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How To Get Picture True To Colour Of Ink.


Redpanda
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Hello! :D

I mixed two inks and it ended up a nice shade and I would like to share it. My problem is that when I try to take a picture of it the colour gets distorted and looks completely wrong.

How do you produce pictures where the colour is true to the actual colour of the ink?

 

Thank you for any advice!

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You first get yourself a camera with a true 16-bit color sensor. Then you process in a ProPhoto RGB color space on a high-end fully calibrated monitor. Then you post it on the internet and go around and color calibrate every screen that views it.

 

That's a start anyway!

 

My point is that it's not going to be possible to get true color reproduction on an image you're viewing on a screen. Only your eyes are going to see the true color you're seeing. Everything else is going to be an approximation.

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  1. Use a flatbed scanner with a CALIBRATED color profile
  2. Use a monitor with a CALIBRATED color profile (while you can create profiles for common monitors, they run sRGB gamut, which is not very wide -- monitors for photo editing run Adobe RGB gamut, much wider -- but also cost much more; where an sRGB 24" monitor may run only $200, expect an Adobe RGB 24" monitor to exceed $600 (my Dell U2413 was $599 back in 2013).
  3. While you are calibrating all that :lticaptd:, might as well create printer profiles (properly done, you will have a profile for each paper you use, and maybe at each resolution you use)

If you are relying upon cameras...

 

  1. Use a table top photo tent https://www.bhphotovideo.com/c/product/1394054-REG/studio_essentials_pst24_24_pop_up_shooting_tent.html/?smp=Y&ap=y&lsft=BI%3A514&gclid=CL62jaOb3eICFUS-wAodvFIFYw
  2. Use photo flood light fixtures OR off-camera electronic flash (don't mix, they have different color temperatures -- do NOT use fluorescent unless it is specified as wide spectrum for photography) -- aim the light fixtures/flashes through the side fabric of the tent; the goal is to make the tent an even source of lighting, no hotspots.
  3. Place a photographic grey card into the tent angled toward the camera. Fill the camera frame with the grey-card and take a shot -- then use the camera feature to set manual white-balance using the existing grey-card photo (also take note of the camera auto-exposure settings and use the exposure the camera chose to then set a manual exposure).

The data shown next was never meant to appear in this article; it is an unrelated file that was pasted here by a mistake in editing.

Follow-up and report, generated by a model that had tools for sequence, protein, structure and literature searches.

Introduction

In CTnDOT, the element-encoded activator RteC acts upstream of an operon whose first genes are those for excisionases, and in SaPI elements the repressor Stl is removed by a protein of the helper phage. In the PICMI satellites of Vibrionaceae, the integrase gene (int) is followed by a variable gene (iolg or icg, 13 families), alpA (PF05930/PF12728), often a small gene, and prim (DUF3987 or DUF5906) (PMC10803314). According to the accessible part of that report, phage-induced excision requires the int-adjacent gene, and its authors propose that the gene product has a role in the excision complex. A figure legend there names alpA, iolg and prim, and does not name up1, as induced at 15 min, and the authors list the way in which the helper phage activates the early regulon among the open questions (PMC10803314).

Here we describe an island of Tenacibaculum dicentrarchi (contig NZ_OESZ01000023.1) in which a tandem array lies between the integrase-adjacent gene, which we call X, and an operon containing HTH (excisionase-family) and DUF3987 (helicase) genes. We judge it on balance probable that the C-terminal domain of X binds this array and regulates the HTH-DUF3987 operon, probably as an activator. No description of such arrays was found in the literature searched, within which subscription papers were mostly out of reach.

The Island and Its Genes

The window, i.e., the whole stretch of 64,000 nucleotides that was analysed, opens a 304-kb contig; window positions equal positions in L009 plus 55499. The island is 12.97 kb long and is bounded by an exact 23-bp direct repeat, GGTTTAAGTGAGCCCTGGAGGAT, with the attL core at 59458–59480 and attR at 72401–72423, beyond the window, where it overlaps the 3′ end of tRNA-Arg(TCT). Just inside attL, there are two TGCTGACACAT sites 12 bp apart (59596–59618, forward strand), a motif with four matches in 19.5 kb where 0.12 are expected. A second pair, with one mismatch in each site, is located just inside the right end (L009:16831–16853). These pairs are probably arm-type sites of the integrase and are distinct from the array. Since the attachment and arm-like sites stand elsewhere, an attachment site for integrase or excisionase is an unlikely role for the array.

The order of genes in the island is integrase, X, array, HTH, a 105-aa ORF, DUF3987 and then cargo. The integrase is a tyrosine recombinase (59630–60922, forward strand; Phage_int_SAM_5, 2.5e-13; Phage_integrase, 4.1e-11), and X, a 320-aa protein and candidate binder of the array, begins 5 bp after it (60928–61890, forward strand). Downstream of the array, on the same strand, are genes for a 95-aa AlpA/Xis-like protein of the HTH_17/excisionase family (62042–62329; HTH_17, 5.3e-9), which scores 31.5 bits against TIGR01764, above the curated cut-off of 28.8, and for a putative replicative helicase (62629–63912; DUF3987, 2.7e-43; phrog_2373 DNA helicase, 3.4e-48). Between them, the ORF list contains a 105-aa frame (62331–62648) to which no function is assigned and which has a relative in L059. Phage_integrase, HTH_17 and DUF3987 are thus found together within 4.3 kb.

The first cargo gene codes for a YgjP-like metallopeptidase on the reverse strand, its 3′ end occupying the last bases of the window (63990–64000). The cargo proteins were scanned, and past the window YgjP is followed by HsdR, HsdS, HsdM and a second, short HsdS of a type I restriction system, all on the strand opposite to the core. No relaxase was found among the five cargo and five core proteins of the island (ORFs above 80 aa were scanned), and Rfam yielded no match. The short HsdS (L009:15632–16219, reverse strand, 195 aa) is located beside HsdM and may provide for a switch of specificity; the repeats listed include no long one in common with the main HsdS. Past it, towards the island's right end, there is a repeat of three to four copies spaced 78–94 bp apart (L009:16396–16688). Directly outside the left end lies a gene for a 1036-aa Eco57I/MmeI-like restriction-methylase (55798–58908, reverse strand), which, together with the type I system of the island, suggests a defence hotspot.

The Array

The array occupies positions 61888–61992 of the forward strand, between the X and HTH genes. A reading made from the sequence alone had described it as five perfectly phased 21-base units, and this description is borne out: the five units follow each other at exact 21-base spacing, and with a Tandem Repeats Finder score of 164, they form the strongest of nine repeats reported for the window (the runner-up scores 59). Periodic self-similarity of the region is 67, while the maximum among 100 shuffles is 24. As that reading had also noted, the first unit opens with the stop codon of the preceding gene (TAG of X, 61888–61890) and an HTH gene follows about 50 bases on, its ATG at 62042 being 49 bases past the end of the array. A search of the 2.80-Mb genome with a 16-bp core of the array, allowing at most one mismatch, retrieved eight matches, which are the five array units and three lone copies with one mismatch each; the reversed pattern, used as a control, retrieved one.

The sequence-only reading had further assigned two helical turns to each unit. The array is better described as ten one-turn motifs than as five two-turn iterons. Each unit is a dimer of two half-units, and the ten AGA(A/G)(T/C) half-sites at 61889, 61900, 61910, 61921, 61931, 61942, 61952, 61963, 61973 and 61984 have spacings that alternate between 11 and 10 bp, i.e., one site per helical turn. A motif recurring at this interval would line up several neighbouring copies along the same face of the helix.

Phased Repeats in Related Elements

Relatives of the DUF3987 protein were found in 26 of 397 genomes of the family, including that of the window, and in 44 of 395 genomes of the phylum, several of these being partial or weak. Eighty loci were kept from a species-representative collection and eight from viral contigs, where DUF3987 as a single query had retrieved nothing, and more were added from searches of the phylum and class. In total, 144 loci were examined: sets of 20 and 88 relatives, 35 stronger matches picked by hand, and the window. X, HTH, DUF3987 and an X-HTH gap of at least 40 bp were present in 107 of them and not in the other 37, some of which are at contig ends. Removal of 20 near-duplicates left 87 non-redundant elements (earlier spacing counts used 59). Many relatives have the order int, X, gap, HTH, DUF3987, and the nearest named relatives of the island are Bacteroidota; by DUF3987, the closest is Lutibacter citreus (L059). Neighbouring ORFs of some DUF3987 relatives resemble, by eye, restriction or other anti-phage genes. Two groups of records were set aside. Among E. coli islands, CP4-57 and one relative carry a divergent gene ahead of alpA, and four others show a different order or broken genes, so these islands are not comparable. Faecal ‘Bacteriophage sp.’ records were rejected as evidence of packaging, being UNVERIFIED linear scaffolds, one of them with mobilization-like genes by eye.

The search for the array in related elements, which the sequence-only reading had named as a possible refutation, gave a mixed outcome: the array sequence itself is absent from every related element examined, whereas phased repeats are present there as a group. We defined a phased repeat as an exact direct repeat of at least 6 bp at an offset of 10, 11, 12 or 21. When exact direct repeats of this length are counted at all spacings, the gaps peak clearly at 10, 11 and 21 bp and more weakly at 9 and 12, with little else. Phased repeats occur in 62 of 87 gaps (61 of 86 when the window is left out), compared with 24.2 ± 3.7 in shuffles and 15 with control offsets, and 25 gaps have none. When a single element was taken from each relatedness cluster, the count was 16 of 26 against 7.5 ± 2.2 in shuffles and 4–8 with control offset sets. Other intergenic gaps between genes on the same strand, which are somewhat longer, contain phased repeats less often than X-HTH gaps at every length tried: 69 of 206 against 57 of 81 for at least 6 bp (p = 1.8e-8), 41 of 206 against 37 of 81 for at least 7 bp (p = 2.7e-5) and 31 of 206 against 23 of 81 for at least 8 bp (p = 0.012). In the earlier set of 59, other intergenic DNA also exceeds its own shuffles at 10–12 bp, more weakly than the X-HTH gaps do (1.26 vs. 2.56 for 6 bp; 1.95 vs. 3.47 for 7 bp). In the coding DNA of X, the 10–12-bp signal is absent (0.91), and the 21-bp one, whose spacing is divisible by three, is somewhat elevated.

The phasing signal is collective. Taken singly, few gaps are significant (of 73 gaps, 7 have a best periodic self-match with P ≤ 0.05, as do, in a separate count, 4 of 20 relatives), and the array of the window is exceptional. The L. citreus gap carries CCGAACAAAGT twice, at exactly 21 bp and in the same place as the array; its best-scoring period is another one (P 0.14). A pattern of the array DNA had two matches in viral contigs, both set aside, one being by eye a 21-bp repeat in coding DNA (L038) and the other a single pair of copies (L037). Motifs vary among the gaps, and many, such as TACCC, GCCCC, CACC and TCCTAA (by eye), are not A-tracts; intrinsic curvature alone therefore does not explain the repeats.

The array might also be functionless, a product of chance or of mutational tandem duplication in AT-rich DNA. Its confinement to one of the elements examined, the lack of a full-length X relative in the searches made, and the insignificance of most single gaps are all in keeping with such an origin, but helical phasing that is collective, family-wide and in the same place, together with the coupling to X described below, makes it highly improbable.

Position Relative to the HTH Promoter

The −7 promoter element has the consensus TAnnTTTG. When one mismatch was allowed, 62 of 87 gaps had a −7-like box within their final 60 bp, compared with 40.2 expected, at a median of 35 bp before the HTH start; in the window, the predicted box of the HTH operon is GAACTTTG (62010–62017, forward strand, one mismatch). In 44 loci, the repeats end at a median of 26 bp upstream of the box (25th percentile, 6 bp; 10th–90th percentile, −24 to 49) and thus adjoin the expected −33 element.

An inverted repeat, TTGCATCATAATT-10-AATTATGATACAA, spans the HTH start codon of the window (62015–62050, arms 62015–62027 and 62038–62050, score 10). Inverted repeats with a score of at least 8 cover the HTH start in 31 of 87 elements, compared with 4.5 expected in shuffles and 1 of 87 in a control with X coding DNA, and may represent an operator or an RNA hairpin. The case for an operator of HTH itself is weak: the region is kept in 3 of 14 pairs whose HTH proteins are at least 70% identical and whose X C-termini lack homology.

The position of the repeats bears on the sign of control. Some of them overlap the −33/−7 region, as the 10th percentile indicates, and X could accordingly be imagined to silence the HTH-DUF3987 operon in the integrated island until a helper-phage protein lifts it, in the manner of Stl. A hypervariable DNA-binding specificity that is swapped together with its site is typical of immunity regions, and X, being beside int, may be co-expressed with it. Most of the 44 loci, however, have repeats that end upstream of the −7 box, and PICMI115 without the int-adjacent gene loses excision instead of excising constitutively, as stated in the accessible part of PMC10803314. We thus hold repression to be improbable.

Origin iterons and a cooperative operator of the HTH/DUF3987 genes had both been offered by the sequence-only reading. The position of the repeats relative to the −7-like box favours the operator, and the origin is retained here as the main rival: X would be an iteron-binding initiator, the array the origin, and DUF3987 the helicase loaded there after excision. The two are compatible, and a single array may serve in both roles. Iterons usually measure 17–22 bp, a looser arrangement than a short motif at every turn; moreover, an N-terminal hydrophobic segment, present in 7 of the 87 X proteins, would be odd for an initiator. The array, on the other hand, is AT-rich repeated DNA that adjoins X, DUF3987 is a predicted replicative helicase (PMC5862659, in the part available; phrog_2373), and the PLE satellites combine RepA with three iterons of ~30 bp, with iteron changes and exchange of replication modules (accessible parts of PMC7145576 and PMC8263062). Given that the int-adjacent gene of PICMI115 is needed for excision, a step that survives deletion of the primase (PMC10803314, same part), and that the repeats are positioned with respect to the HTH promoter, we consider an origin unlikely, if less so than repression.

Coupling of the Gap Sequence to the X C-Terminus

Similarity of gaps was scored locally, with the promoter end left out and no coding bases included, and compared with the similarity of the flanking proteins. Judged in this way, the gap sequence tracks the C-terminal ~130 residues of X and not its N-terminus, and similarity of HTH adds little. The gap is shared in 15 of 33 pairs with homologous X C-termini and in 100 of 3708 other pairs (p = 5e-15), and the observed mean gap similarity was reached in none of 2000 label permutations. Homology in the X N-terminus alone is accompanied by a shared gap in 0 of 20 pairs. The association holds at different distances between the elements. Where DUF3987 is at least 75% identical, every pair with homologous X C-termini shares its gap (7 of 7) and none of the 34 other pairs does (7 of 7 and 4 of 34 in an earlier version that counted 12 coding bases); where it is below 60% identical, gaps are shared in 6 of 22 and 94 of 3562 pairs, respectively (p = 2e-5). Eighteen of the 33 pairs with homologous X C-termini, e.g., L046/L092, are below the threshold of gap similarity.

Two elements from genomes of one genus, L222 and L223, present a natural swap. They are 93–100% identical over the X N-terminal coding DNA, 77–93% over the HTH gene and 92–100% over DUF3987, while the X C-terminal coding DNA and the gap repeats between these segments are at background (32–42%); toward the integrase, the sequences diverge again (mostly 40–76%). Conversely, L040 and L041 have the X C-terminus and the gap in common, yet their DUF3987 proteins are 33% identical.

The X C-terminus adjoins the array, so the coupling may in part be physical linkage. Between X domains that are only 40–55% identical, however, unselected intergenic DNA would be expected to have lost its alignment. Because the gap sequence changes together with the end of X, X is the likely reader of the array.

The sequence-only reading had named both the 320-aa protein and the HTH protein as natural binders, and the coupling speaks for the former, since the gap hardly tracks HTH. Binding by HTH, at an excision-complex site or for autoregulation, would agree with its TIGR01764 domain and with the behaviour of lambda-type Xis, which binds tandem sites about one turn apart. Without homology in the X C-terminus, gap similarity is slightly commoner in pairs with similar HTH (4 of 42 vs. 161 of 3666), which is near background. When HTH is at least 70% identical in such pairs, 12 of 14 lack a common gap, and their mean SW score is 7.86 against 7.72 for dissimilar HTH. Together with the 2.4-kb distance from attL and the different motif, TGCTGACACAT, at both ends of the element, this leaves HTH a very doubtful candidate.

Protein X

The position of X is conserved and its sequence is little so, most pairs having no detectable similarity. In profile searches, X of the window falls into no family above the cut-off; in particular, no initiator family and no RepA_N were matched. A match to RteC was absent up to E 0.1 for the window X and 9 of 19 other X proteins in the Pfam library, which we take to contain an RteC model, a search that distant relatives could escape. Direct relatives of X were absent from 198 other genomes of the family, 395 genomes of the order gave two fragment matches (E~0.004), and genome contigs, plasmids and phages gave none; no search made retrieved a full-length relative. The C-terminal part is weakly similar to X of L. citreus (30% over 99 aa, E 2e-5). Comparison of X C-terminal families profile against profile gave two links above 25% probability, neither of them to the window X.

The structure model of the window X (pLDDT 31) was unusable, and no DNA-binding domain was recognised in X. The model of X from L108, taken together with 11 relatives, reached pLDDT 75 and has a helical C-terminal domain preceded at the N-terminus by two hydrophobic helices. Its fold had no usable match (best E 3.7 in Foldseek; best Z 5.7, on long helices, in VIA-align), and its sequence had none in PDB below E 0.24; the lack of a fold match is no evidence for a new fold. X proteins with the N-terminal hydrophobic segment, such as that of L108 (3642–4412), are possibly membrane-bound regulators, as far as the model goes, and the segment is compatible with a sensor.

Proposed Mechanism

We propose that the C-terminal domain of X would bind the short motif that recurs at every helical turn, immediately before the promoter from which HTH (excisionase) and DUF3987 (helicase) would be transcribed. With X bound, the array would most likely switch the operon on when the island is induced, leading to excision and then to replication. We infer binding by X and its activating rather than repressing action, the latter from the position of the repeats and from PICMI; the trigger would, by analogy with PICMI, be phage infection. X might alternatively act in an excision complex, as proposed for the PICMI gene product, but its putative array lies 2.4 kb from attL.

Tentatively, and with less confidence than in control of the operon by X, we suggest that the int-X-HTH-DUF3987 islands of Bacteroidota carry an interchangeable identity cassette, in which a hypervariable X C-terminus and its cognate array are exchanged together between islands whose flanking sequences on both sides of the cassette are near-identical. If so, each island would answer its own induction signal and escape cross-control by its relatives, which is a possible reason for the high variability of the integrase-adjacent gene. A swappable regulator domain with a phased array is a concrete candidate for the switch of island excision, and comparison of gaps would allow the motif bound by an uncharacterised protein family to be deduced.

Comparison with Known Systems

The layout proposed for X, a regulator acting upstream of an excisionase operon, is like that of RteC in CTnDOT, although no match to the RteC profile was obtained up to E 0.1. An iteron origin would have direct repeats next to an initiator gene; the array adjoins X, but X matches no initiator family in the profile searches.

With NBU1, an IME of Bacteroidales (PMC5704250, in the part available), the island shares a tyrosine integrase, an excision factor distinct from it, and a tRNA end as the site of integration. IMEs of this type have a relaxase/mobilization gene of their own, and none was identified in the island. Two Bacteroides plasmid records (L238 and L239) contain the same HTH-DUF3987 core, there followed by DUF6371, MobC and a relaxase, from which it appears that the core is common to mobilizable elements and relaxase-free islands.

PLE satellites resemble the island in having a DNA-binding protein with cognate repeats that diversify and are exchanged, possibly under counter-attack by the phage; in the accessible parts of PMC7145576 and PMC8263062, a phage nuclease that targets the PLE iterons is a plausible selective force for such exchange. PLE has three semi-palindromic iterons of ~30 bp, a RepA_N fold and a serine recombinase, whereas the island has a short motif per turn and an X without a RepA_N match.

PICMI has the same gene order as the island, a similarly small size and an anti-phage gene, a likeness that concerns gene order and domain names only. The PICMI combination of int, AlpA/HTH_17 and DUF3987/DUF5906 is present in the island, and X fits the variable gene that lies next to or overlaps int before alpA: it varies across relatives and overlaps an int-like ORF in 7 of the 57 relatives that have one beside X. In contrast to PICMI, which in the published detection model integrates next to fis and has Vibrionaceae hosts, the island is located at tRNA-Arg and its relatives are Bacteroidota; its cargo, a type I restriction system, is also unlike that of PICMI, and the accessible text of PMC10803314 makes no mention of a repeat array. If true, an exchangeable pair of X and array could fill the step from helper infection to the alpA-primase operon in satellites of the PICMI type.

4. Replace the grey-card with your ink sample, oriented at the same angle. Set the exposure.
  5. Shoot.

This is easier to do with photo-floods unless your flashes have a manual exposure setting -- as you don't want them to change flash duration between shots. OTOH: photo-floods are not all that bright -- a 600W Quartz Halogen photo flood results in exposures around 1/20 second at f4.0 :yikes:-- so a tripod and timed release would also be recommended.

 

Alternatively, you can use photo-editing software to post-process the images by "sampling" the paper (use WHITE paper, not something with a tint) with a "white-balance" cursor (in Photoshop Levels control, that is the middle grey eyedropper; the white and black eyedroppers are used to adjust the end point span making black full black and white full white). Better to get the image close in the camera first.

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1. Photograph your paper in good daylight. This will help with blues.

2. Ensure plenty of white is showing. This will help the camera to get an accurate white balance. Use auto white-balance.

3. Switch off night-shift or any other settings which alter the colour of your screen

4. Be sure the image fills the screen with plenty of white paper showing. Just like the camera, your eye needs a reference for white.

5. Most computer screens reproduce the colour of overcast daylight. So compare the screen image with the paper original under these conditions.

 

Proper colour calibration as other have explained is quite a rigmarole. The above is not foolproof, but it's easy and works well most of the time.

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Wow Thank you for your replies! It is a little more extensive than I thought it would be it seems I have some playing around and testing to do :D

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Hmmm, interesting -- seems the driver disk for my monitor included calibration software... (I'd never looked at the disk as Windows 7/10 automatically detected the monitor and pulled down the driver).

 

Unfortunately, said software is unusable without a $300 X-Rite sensor. If I did more photo-printing I might be able to justify it (bad enough I just discovered the current Epson printer equivalent to my R2000 costs $600 -- and the R2000, whose inks are no longer stocked locally by the camera shop, is showing some signs of age: like sludge build-up where it "wipes its feet", and a couple weeks back I got an error message from it about a mechanical fault -- found a clean washer laying on the track (I'm presuming the cleanness meant it fell in from something I had sitting on top, and is not something that came apart inside it).

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Having calibrated your monitor, and colour corrected the file, I suggest including an11 step gray-scale in the posted image for reference.

The majority of people viewing your work won't have calibrated monitors.

"Simplicate and add Lightness."

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